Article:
If you are a total beginner, start with the Gospel of Mark and read it through like a story. From there, get hold of your Diocesan library and check out their Bible study materials. Most likely they’ll have something that suits you. Also, see if you can join up with a parish Bible study somewhere. Most of them are pretty good, and this is actually a good time of year to join, since most of them will be starting new programs pretty soon.

After a couple of decades of reading and studying the Bible, and of creating and leading Bible studies, I think I’ve come to the conclusion that to really read the Bible in a way that will help you grow in knowledge and, more important, spiritually, a two track aproach is the best: Devotion and Study.

First, you should be reading the Bible everyday. Just reading it; praying to the Holy Spirit before and after, reading little by little, meditating on that little bit and over time becoming familiar with it. This is really the basis of growing in love for God and his Word and it is something that comes over a long time of doing it. A ready-made way of doing this, of course, is by using the readings that the Church hears at daily Mass. That alone is enough to feed your soul and help it grow. (You can find weekly studies and resources at my web site, linked below)

That’s number one. At the same time, if you really want to grow in an in-depth knowledge of the Scriptures (which will also benefit you in your daily Bible reading), you need to study the Scriptures in a more systematic manner. Some people like “topical” Bible studies where you study a theme of Scripture for several weeks (like, for example, about famous men or women in the Bible, courage, faith, stewardship, parenting, discerning God’s will, etc.). Personally, I recommend starting out by getting involved in a study which gives you a broad picture of salvation history. Two very popular programs are Jeff Cavins “Great Adventure/Bible Timeline” series and another series Cavin’s did with Dr. Scott Hahn on EWTN called “Our Father’s Plan.” Studies like this will help you get that “Big Picture” that will make the rest of your Bible study come alive and be more understandable.

After that, you should start studying the Bible book by book. There are several ways you can do this. You can join a good Catholic Bible study group if there is one being offered near you. Also, there are a lot of good Catholic Bible study guides and commentaries that you can use (like the Ignatius Study Bible and the Navarre Bible commentaries) to go through each book one by on your own. If you like to download mp3s, there are some very good Catholic Bible studys that you can download and listen to at your leisure. Some can be found at in their audio library (especially studies on the Gospels – just type in Matthew, Mark, Luke or John). There is a site called St. Irenaeus Ministries that has on-going Catholic studies of many books of the Bible. Just these alone should keep you busy for a while.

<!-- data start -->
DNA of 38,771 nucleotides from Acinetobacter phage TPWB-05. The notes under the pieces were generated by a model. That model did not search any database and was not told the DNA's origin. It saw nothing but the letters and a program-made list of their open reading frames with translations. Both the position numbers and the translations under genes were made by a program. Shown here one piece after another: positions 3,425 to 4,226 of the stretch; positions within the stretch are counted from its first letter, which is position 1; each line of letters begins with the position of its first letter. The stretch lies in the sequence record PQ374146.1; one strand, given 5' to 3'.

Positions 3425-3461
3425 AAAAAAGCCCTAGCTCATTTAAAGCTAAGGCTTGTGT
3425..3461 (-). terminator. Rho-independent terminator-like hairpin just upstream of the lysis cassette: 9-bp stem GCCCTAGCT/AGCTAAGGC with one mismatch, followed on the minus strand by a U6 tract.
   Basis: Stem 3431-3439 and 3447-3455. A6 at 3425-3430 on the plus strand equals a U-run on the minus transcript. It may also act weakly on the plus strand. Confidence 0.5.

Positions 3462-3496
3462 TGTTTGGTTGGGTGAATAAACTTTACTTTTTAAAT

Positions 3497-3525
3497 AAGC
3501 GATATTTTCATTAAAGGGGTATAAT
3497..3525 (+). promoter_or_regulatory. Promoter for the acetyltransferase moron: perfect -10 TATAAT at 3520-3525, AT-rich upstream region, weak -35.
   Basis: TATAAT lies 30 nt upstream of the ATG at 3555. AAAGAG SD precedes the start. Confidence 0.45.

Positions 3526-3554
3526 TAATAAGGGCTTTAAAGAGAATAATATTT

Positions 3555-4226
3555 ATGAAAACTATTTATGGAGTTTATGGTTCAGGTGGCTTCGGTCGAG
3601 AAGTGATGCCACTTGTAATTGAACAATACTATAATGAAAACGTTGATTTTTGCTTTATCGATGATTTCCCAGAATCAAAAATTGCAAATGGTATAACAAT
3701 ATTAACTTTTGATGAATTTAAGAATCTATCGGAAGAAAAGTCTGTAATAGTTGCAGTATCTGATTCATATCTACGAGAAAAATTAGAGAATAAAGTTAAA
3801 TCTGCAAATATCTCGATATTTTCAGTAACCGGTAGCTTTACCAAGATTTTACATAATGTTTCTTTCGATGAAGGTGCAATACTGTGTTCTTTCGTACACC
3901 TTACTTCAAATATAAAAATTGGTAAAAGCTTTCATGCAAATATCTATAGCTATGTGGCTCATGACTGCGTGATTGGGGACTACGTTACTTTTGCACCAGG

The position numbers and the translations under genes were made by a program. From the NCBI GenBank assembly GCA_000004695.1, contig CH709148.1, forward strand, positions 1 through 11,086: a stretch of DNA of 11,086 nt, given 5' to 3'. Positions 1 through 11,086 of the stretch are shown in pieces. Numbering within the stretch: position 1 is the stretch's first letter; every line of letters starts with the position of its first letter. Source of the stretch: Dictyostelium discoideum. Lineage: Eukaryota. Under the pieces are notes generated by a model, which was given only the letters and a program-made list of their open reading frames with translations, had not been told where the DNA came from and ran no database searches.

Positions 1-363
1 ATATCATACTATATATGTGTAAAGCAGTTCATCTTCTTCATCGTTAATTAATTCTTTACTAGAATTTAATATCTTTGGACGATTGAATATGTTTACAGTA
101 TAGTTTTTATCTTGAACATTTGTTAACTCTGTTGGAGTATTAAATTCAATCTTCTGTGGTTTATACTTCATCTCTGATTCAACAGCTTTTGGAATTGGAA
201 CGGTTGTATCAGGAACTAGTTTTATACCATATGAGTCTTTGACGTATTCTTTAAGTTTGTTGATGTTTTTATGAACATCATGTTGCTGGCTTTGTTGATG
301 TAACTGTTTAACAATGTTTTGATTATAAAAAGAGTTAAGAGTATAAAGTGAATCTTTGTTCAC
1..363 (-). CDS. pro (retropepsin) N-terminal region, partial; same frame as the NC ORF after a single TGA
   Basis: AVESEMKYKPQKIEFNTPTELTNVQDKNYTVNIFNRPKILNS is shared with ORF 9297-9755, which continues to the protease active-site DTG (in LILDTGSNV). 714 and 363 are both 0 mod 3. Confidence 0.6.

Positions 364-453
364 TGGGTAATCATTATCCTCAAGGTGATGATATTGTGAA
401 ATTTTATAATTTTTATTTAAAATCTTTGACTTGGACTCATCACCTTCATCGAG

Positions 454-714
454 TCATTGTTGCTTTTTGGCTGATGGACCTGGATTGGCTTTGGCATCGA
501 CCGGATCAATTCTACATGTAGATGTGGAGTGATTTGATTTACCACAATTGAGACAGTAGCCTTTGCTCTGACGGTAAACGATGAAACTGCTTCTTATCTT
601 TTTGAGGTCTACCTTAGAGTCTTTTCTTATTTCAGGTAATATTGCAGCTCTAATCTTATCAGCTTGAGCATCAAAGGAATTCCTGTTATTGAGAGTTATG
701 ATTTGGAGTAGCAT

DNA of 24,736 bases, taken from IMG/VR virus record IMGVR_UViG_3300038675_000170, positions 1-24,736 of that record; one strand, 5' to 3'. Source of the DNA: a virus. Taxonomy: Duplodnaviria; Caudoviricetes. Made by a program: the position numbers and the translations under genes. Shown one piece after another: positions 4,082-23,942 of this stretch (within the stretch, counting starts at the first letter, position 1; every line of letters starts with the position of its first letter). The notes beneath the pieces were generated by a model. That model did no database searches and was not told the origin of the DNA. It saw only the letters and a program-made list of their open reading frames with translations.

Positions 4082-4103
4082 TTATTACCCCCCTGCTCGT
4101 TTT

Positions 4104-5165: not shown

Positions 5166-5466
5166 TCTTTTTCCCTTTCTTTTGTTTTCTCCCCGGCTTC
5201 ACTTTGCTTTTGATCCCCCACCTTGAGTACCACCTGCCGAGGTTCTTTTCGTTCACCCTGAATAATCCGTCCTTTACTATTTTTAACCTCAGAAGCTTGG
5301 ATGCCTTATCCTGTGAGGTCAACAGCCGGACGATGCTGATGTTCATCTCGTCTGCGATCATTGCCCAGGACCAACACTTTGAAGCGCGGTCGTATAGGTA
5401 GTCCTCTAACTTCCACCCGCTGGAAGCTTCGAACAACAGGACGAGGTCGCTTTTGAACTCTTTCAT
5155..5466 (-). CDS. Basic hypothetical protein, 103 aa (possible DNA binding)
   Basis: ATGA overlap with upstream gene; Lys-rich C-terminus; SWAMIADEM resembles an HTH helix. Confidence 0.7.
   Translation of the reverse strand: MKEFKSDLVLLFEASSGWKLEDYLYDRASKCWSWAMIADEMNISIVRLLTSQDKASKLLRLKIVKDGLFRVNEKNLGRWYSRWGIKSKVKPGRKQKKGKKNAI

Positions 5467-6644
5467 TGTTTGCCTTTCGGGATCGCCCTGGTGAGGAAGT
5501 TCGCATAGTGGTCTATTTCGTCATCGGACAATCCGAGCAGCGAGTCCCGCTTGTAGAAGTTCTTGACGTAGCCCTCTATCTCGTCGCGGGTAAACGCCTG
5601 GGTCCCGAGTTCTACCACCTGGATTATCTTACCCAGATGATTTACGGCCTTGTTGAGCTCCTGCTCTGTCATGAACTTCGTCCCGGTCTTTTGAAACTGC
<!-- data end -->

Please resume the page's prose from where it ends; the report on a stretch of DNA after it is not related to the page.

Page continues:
So, to re-cap: the best way to learn the Bible is to read a little of it every single day for spiritual edification and to grow in familiarity. At the same time, after getting a grasp on th big picture of Scripture, you should be studying at least one book of the Bible all the time so that you can int turn grow in knowledge and have a solid foundation to your daily Bible reading.If you need more information or resources, please visit my main webpage, found at the link below.

Hope that helps. :slight_smile:

I agree with this advice. IMHO, Mark is the most reliable of the gospels anyway. May as well start there. No sense in reading the hebrew scriptures right off, because to be honest, it will scare the pants off you if you do. Just warning you.

If you begin it in the same manner as I, reading it cover to cover as a Novel is just a perfect initiation to it. You will be transformed by it, you will enjoy it in a new way, reading it that way, and in the end of it, know that it’s largely a Love story between God and his children.